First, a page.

The Surprisingly Simple Productivity Time Saver
Grow Your Business, Not Your Inbox
The timer that rings when your pizza is done can also help you become more productive at work. Francesco Cirillo was a student at Guido Carli International University, a business school in Rome, in the early 1990s when he discovered the impact of timing tasks.
"I was easily distracted and unable to focus," he says. "So I decided to give myself a challenge: study without interruption for 10 minutes." He used a tomato-shaped kitchen timer to keep track.
It took a few tries, but with practice and repetition the tool improved Cirillo's study process, and 10 minutes eventually turned into 25 minutes of focus. A few years later, he used the timer in his job as a software developer for a European bank and found it strengthened his productivity. He named his system the Pomodoro Technique, after the Italian word for tomato.
Cirillo shared the idea with coworkers, who found the technique helpful. Through years of observations and measurements, Cirillo found the 25-minute work session maximized attention and minimized the chance of interruption. He wrote a free book to share his technique, available on his website which has been downloaded by more than two million people.
By breaking work into regular, repeated intervals, entrepreneurs alleviate anxiety, enhance their focus and strengthen their determination for achieving goals, says Cirillo, who launched Pomodoro workshops in 2010 to help owners of startup companies effectively use their time. He offers these five simple steps to get started:
1. List your tasks.
At the beginning of each day, choose the things you want to tackle and write them down on your to do list.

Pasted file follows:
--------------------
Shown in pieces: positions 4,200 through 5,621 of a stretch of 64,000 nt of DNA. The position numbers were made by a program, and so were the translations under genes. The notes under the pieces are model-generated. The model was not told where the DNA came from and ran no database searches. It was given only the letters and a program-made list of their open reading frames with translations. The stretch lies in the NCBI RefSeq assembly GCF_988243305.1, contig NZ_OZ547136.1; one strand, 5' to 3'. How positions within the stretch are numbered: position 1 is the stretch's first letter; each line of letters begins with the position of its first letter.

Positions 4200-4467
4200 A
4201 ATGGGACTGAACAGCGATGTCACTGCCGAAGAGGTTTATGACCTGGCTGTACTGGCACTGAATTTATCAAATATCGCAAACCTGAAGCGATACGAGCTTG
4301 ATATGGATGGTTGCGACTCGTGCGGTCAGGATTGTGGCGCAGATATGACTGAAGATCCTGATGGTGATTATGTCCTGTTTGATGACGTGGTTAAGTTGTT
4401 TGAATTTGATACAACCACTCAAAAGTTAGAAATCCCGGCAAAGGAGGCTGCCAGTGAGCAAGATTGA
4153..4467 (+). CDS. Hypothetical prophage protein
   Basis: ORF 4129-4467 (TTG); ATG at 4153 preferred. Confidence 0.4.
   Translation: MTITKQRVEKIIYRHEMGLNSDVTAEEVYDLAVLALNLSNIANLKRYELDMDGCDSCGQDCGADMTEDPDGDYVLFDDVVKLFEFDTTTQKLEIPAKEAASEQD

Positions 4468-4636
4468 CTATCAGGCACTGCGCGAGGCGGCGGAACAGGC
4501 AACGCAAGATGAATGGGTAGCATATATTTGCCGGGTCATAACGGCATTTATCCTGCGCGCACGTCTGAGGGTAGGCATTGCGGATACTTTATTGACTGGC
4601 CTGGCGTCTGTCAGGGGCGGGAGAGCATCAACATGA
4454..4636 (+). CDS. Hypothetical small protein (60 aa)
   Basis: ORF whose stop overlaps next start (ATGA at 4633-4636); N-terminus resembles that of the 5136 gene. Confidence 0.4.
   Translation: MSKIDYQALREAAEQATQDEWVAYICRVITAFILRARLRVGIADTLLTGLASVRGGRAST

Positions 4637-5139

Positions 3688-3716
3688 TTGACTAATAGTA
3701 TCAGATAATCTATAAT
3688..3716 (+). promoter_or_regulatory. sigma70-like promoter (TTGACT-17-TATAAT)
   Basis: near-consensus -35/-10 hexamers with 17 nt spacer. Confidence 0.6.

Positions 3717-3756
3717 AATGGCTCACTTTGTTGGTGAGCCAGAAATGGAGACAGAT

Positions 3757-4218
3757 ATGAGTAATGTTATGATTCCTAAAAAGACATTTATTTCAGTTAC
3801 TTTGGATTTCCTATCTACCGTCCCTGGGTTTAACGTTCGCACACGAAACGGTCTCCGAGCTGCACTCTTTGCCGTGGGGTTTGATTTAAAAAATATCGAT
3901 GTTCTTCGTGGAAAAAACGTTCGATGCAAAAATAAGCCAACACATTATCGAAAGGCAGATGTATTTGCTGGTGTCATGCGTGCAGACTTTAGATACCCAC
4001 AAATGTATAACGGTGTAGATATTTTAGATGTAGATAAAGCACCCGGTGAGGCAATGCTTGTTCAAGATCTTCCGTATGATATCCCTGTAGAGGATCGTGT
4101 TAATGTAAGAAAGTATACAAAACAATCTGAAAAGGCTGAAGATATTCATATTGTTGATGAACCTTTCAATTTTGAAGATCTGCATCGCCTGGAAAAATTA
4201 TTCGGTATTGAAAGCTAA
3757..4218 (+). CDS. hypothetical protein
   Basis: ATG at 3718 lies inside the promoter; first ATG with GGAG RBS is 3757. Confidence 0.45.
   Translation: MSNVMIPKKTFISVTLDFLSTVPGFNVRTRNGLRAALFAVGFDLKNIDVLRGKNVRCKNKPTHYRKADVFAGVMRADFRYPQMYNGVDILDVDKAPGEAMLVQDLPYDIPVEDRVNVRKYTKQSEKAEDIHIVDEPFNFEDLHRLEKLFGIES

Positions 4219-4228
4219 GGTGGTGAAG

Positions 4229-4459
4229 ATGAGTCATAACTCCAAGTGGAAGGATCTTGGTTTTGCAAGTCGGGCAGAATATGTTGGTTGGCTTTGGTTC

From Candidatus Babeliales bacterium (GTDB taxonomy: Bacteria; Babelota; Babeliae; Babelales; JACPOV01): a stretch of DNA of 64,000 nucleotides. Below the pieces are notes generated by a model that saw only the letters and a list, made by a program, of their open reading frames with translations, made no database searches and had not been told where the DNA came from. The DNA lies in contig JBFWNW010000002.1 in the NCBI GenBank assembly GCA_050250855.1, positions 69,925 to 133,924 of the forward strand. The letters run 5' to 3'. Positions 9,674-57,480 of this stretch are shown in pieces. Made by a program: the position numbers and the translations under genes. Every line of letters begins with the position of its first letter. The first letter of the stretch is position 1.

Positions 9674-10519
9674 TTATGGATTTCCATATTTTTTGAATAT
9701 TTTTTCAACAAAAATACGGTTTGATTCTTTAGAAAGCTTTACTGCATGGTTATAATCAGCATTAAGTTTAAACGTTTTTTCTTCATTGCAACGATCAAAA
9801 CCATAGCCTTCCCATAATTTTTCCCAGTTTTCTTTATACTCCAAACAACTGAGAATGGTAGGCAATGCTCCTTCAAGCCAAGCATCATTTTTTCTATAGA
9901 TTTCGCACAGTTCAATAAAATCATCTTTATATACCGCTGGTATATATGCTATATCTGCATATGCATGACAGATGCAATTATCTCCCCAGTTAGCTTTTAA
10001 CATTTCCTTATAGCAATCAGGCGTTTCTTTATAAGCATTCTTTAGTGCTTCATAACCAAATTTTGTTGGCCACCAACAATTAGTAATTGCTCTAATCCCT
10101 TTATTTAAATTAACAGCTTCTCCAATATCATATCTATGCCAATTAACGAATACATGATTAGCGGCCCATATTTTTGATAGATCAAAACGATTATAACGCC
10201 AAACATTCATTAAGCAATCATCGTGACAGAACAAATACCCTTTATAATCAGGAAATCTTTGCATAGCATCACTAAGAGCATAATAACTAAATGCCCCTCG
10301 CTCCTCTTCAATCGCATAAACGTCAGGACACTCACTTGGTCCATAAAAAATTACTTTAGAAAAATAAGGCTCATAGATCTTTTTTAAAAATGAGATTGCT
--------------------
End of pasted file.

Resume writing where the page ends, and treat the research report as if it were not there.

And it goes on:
2. Start the first timed session.
Start with a 30-minute session made up of 25 uninterrupted minutes of work plus a five-minute break. Set the timer for 25 minutes and start the first activity. Position the timer so you can clearly see how much time is left. When the timer rings, this signals that the current activity is temporarily finished. Put an X after the task on your to do list.
3. Take a break.
When the timer rings, work must stop, even if you're convinced you could complete the task at hand in the next few minutes.
"The three to five minute break gives you the time you need to disconnect from your work," says Cirillo, who suggests using the time to do something good for your health, such as taking a short walk.
After each Pomodoro, put another X next to the task until it is complete. Then cross the task off your list and move on to the next task. Every four "Pomodoros", take a longer break, from 15 to 30 minutes.
5. Review the results.
At the end of the day, examine your to do list; it reveals valuable information. The number of Xs listed after each task will help you estimate the time it will take to complete future projects. You'll also be able to gauge your productivity; the number of Pomodoros you complete each day will reflect how much time you focus on work.
"Applying the Pomodoro Technique in a small business is a win-win solution," says Cirillo. "Business owners have the opportunity to objectively observe the way they work and find areas where they need to improve their work process."